If you prepare an SD card, create a bootable partition, format it with the FAT32 filesystem with the above command, copy a bootloader to this partition, the romcode in the TI AM335x chip won’t recognize it and your board will remain completely silent.

I investigated the problem and found that it happens with mkfs.vfat version 4.2 released on 2021-01-31, and which is shipped in recent GNU/Linux distributions such as Ubuntu 22.04 and 22.10.

Looking at the source code didn’t help right away, but I eventually found a dosfstools bug report which explains the cause of this issue.

Thanks to this bug report and its associated comment thread, an easy workaround was found. You just need to add the -a option to the mkfs.vfat command line:

mkfs.vfat -a -F 32 -n boot /dev/sdb1

I eventually also realized that the issue doesn’t happen if you access the SD card through a regular MMC/SD slot which has the device represented as a /dev/mmcblk device.

So, if your computer has such a slot as most do, you can just use the regular command without the -a option:

mkfs.vfat -F 32 -n boot /dev/mmcblk0p1

In my case, I was using an external USB card reader because I was running experiments from a VirtualBox virtual machine. I didn´t know how to access my host’s MMC/SD card reader from the VM, but accessing a USB device was very straightforward.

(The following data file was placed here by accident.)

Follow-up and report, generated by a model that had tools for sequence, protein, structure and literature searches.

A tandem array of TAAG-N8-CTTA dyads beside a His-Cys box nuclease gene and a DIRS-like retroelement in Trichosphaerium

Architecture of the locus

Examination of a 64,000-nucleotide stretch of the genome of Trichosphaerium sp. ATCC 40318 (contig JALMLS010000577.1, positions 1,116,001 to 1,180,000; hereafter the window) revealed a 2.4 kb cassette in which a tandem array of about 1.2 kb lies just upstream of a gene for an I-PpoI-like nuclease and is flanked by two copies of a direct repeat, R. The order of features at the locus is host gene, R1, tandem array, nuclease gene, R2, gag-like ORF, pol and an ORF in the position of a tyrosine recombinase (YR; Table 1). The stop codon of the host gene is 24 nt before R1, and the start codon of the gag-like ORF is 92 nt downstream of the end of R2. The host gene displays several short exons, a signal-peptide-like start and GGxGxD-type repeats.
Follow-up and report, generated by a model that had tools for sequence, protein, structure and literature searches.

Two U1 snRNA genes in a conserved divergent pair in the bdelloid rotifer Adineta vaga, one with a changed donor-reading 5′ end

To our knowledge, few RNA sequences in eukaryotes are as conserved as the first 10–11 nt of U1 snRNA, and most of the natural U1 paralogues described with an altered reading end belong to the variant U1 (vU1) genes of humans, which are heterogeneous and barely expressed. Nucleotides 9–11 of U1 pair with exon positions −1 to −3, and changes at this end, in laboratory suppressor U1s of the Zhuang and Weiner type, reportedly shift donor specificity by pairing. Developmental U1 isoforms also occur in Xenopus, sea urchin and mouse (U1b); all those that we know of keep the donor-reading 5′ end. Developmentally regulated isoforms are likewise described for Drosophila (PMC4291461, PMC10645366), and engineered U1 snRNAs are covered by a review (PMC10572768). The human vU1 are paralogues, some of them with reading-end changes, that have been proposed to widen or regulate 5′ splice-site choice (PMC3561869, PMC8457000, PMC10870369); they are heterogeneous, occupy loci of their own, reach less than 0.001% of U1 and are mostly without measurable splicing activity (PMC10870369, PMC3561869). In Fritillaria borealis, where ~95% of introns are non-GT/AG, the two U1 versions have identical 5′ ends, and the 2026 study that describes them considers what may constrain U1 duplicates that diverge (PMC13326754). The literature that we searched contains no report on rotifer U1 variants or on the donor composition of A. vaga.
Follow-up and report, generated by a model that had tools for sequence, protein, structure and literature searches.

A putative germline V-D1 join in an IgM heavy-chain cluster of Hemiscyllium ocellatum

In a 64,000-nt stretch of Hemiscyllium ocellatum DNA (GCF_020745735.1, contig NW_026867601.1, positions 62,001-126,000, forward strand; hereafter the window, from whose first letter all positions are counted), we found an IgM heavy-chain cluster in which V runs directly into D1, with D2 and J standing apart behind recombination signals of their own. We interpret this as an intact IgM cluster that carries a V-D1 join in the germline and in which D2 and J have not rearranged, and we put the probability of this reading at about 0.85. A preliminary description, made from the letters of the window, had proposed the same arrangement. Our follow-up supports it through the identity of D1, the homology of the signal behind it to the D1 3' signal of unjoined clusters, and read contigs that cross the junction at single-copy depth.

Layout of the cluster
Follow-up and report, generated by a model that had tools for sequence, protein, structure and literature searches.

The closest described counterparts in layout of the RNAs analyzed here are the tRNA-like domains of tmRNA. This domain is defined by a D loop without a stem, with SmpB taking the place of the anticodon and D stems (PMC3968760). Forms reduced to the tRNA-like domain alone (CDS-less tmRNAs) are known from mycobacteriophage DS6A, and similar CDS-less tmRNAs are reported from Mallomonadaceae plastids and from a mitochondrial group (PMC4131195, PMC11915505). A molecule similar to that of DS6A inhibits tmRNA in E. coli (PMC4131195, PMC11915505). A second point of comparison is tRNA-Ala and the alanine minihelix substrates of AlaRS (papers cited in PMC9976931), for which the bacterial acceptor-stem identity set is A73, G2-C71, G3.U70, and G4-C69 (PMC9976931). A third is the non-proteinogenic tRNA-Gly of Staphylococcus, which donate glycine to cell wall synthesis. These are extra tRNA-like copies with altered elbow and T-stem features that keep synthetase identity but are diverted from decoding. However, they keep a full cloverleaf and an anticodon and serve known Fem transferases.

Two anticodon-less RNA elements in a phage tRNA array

Why the difference? That’s because the MMC/SD interface exposes different information from what a USB mass storage device does. That’s a different interface.

The issue is also reported on the TI AM3874 chip. Don’t hesitate to post a comment here if you have a board with yet another TI chip that is impacted too. This could help other users.

Yocto Project: quickest instructions to generate BeagleBone images

Here are the quickest instructions (I hope) for having the Yocto Project build an embedded Linux image for BeagleBone boards based on the TI AM335x CPU:

git clone -b kirkstone https://git.yoctoproject.org/git/poky
source poky/oe-init-build-env

This gets you in a new build directory. You can then generate your image:

MACHINE="beaglebone-yocto" bitbake core-image-minimal

Once the build is over, you can flash the image on a microSD card (assuming it’s mapped to /dev/mmcblk0):

cd tmp/deploy/images/beaglebone-yocto
dd if=core-image-minimal-beaglebone-yocto.wic of=/dev/mmcblk0 bs=4M

More details for customizing images and supporting other boards in the Yocto Project manual.BeagleBone Black board booting on an embedded Linux root filesystem built by the Yocto Project

Using the U-Boot Extension Board Manager – BeagleBone Boards Example

This article follows two earlier blog posts about Device Tree overlays: